Reasonably Radical: Deliberative Liberalism and the Politics of Identity

Synopsis

Liberalism and the politics of identity seem incompatible. Liberalism starts from the capacity of reasonable individuals to order their lives. The politics of feminism and multiculturalism, however, argue that liberal individualism glosses over structural inequalities and relies on unjust normalizing pressures. Modern political philosophy must reconcile these two viewpoints if it is to move forward. Reasonably Radical synthesizes both approaches in a new form of liberal theory: deliberative liberalism.

Anthony Simon Laden demonstrates that liberal theory can accommodate deep diversity once it recasts its understanding of the legitimization of just principles. Liberalism traditionally argues for the legitimacy of liberal political principles on the basis of citizens' consent, but derives that consent from what it regards as common human attributes. Laden, however, drawing on Rousseau and Hegel, two thinkers often ignored by contemporary liberals, claims that legitimacy cannot be so derived.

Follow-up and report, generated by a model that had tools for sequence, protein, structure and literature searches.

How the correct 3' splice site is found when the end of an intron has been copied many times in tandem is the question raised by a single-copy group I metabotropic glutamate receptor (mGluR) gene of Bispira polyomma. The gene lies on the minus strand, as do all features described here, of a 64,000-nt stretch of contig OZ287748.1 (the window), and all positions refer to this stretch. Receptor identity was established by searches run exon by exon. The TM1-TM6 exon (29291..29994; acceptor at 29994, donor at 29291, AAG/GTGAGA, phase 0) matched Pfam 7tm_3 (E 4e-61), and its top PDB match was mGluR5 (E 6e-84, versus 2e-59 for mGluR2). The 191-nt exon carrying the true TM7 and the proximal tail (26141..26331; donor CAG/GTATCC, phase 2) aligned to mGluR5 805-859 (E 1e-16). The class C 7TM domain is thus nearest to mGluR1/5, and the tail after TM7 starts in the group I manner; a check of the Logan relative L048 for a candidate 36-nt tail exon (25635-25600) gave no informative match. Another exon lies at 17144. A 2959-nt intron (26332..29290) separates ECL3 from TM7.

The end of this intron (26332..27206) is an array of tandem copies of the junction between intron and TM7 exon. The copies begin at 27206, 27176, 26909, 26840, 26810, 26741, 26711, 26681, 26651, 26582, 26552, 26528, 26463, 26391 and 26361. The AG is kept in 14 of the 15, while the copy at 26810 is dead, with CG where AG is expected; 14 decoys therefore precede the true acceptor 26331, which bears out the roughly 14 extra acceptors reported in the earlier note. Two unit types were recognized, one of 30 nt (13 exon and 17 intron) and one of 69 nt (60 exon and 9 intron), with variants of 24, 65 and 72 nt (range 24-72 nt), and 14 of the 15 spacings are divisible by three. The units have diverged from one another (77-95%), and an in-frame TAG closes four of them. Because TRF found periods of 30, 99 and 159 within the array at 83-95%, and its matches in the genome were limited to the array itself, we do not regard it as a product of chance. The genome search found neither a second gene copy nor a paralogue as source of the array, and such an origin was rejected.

According to deliberative liberalism, citizens' actual deliberation confers legitimacy on political principles in virtue of its being reasonable, regardless of whether it yields consensus. Laden argues that political deliberation can only be reasonable under certain social conditions, however. These include a reciprocal distribution of power and respect for deep diversity. Reasonable principles thus require radical politics, and both find a home in this clear theoretical articulation of identity politics which is at the same time a strong new vision of liberalism.

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